Blue Waxbill, sometimes called Southern Cordon-bleu, is distinctive from other bird species for its signature yellowish underpants and brownish back. From a distance these two complement each other well, creating a cordon-bleu strip.
Scientifically, the blue waxbill (Uraeginthus Angolensis) belongs to the estrildid finch family clan. They have light blue cheeks, curvy breasts, and throat, followed by pale brown flanks.
What makes the waxbill distinguished is the pale brown underpants part. Under that beautiful underpants is the yellowish buff with fluffy furs, making it look like a cordon-bleu ball.
In the waxbill community, the female is paler than the male, with the blue strip spreading to the rump, tail, head, and breast. The female has a grayish belly, while the male is born with a dark blue tummy.
Regarding the waxbill’s location, nowadays, they are widely found in Southern Africa, especially in Congo, Tanzania, to Kenya. Scientists have recently found them in Sao Tomé island and Zanzibar, where they were first found.
In terms of species quantity, the blue waxbill is considered quite crowded. Their high population stems from their high adaptability. Originally, they live well in humid places and semi-arid savannas.
Blue waxbills can live well in any location.
However, suppose there is no proper location like so; they can survive in many different habitats and slowly adapt to the condition. No matter where they choose, the most important point for choosing a settlement is: near the water source. Those birds are smart enough to find a place that provides them with water – an essential source to survive.
In terms of food, blue waxbills prefer eating grass seed, insects, and termites. Fallen fruits like Albitrunca are their favorite fruit, too.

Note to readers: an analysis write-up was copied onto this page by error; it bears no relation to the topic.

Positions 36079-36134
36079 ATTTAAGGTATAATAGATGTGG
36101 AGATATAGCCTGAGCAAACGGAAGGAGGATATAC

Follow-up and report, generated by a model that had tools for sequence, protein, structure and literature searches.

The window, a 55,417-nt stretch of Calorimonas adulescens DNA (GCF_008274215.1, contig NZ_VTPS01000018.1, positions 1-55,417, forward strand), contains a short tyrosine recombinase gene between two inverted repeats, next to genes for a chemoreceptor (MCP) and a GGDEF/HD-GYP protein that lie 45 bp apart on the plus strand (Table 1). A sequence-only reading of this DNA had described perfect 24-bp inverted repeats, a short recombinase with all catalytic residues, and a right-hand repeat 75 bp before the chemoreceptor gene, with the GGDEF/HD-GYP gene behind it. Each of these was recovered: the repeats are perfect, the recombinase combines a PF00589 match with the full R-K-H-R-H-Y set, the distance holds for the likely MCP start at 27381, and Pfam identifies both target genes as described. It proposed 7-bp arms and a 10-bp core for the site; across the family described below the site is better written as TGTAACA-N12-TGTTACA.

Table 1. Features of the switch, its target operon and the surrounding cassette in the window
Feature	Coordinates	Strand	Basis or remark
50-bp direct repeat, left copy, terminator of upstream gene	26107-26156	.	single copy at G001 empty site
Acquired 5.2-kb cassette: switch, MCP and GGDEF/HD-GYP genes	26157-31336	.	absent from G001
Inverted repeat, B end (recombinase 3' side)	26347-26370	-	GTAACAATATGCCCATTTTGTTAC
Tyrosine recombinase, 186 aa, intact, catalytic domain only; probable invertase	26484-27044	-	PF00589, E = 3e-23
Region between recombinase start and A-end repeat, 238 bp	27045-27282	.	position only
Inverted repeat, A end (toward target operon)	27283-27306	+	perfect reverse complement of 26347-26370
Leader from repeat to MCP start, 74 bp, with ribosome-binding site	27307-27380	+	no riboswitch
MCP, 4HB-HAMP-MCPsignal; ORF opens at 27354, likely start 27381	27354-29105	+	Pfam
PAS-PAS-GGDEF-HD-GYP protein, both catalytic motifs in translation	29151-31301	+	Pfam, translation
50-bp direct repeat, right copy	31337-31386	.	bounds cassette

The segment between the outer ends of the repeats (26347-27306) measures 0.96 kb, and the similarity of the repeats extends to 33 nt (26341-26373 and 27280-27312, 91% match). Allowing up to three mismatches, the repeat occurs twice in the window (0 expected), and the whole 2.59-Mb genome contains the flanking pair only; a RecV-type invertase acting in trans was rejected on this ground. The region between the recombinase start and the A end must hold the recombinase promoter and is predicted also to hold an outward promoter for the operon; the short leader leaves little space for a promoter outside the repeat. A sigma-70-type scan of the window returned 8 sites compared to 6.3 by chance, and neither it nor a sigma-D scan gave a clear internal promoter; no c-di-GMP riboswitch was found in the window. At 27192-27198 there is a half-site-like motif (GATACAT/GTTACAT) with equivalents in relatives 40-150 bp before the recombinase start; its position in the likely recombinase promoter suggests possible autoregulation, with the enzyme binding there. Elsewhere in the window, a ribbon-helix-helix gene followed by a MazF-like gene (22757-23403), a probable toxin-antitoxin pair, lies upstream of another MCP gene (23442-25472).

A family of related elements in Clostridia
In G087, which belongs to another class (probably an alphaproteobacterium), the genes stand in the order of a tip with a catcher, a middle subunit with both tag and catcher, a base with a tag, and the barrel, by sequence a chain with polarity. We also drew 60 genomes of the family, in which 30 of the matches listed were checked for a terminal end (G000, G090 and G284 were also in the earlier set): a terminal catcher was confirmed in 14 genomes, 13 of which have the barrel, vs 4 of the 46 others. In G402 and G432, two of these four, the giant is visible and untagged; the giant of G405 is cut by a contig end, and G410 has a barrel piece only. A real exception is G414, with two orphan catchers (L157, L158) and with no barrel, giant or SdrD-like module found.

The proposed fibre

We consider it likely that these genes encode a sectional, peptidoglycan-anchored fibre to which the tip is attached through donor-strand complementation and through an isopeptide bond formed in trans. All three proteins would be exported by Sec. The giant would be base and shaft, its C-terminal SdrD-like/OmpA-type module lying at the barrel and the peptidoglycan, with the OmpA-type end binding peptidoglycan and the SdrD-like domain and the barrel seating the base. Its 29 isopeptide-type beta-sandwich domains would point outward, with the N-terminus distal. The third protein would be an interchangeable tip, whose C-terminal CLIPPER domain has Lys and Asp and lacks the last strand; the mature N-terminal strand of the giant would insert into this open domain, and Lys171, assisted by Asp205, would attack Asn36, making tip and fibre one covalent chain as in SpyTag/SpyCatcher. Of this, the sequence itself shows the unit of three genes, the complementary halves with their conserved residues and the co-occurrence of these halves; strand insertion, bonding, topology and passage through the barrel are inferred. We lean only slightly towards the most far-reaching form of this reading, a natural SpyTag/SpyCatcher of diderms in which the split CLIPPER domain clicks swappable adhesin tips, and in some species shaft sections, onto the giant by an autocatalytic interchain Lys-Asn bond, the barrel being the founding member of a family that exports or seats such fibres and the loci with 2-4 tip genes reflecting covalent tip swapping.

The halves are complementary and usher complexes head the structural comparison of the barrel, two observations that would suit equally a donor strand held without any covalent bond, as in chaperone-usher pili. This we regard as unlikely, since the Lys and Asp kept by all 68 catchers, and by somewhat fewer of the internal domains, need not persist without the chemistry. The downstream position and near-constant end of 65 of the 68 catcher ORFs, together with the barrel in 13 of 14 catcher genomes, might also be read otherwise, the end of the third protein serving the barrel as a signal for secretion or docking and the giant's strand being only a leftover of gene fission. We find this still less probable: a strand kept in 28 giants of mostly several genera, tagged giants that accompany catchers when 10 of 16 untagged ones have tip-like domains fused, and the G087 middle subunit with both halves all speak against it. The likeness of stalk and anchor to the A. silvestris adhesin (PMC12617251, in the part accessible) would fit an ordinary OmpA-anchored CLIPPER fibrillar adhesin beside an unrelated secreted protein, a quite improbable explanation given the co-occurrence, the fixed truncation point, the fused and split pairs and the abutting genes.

Another reason for their dense population is that these birds breed all year round. The standard egg-laying period starts from January. In the meantime, both females and males will build a nest on a bush or high tree. Then, laying 2-7 eggs with the 11-12 days of incubation.
Let’s dive deep into blue waxbill’s nesting technique. Looking from outside, their settlement looks like delicate balls made from brownish grass. The bird carefully chooses the best seed grass and places each strip lightly to create the outer branches of the nest.
Blue waxbill has high adaptability.
With such construction, the nest can protect that all the newly-born chicks from predators. To add-in, blue waxbills often build their nest in proximity to other active waxbill settlements to strongly ward off potential predators.
The chicks will be born after two weeks. In the next 17-21 days, the parents feed their children until they grow big enough. After that period, the new-born bird can live separately, as they have high adaptability.
The African residents love blue waxbill because they can make early natural disaster forecasts. For instance, when the drought is about to come, they will give a loud, high-pitched “tsee-tsee-tsee” howl.
For such distinctive ability, the waxbill is protected by people so they can live happily and peacefully among the human community.
Whenever the bird is called “tsee-tsee,” it’s time for people to prepare quickly.